The Shore by Sara Taylor | Rating: ★★★☆☆
As a note, a printed galley of this novel was sent to me via the publisher in exchange for an honest review. This does not effect my opinions in any way.
Sara Taylor’s novel The Shore is described as something unique and engaging, featuring shifts in narration and the timeline. While it was an entertaining novel, the flip flopping between it all became a bit too frustrating for me and took away from the novels overall rating – a good chunk of the stories featured in it were wonderful due to Taylor’s writing style but there were a lot of moments where I had to pause and refocus my attention on the novel.
That’s the bad news: it’s not always the easiest to follow and some parts lack something. I can’t explain what, really, but there were moments that just weren’t engaging in the least. It was disappointing to see the way timelines went in and out of with each other that it took me ages to know what was really going on.
Moving through different point of views is always, always a difficult task and The Shore is very frustrating on that front. I couldn’t keep up most of the time because it was all over the place and I think that it could have been situated a little better than it was. It tries time and time again but as the story progresses, it just trips over itself and doesn't click well.
But that doesn’t mean The Shore is a total loss. As I’ve said before, Sara Taylor’s writing is solid. She has a nice flow within it that sometimes gets lost in the narration of it, but it’s still there. And she writes an incredibly fierce cast of woman that are inspiring and just overall wonderfully crafted – there’s nothing like women painted in The Shore.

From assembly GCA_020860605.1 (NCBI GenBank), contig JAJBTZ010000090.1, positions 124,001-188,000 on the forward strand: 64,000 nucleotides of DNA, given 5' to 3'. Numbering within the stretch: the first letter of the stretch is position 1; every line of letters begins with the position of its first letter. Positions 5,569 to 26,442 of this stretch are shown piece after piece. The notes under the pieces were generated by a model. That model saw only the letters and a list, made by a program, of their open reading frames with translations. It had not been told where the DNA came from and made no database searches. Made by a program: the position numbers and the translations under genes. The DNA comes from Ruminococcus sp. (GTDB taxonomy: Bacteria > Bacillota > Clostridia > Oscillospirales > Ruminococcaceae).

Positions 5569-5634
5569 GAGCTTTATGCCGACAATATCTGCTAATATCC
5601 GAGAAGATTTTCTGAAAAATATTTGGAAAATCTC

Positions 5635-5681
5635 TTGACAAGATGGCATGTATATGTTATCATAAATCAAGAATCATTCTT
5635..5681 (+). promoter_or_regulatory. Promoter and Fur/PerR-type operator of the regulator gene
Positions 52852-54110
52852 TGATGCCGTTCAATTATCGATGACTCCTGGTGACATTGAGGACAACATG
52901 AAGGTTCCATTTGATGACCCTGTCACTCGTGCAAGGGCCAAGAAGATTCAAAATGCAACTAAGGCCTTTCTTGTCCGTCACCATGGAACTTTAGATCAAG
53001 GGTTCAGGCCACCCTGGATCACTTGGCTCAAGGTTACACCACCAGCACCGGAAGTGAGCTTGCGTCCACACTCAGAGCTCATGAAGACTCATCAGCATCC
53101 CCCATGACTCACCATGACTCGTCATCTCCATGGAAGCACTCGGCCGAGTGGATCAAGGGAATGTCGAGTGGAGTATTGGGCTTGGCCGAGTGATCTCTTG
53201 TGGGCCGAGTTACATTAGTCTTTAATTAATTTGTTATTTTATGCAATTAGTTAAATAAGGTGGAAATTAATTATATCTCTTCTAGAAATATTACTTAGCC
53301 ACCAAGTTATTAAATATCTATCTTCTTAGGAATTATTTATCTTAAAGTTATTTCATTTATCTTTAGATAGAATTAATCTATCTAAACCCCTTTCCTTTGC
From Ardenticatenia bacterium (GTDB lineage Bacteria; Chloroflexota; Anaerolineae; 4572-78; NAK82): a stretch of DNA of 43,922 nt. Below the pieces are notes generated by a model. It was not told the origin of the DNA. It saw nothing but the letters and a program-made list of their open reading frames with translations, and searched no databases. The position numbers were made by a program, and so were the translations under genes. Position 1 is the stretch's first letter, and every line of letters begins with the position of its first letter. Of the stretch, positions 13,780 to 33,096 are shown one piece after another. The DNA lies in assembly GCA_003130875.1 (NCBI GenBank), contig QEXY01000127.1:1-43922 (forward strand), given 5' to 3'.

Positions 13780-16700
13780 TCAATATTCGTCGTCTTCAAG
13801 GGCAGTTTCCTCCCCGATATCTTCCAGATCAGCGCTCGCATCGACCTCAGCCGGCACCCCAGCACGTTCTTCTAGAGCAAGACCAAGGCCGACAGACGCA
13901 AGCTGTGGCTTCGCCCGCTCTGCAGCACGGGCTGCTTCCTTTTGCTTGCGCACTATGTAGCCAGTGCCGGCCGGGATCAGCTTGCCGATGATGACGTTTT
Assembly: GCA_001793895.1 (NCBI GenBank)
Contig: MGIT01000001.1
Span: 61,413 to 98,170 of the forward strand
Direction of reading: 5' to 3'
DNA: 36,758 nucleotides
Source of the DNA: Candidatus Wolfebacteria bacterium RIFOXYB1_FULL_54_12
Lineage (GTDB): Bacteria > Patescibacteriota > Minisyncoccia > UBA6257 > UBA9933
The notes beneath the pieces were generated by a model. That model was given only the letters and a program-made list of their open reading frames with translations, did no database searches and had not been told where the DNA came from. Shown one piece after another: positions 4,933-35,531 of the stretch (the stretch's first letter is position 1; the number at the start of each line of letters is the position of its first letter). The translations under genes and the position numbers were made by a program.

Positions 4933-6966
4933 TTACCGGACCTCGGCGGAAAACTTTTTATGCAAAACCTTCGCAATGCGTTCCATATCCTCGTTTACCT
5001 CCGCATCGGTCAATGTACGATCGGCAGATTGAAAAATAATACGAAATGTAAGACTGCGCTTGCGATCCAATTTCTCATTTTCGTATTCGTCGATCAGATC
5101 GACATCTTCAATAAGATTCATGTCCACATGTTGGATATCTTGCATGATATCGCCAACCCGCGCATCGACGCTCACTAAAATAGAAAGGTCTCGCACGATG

They are strong, they are the voices we need to hear. It’s because of these wonderful characters that the novel doesn’t go off the deep end; although the frustration I had with certain parts of the novel they kept me reading until the last page. You grow very invested in these characters.
Sara Taylor captures an incredibly raw tone to human emotions and the way that certain situations are handled; she doesn’t shy away from topics and they aren’t sugar coated. It succeeds very much so on that front proving she knows what she is doing and it’s very pleasant.
The location is great, too, and Sara is able to paint us a vivid series of descriptions to make us feel truly there. The Shore is a collection of small islands off the coast of Virginia’s Chesapeake Bay and we see it through the eyes of the past and more. She does a solid job creating the different eras for each part and it does make up for the frustration a little bit.
Overall, I would only recommend The Shore if you are incredibly focused and alert. If you are good at keeping up with timelines and changes in narration, you should have no difficulty.
It takes time to get used to The Shore’s styling but it’s still a pretty solid release. There may be a lot I would change with its format, but that doesn’t mean it’s a complete lost cause. I can’t see myself reading it again but I appreciate what it was doing nonetheless.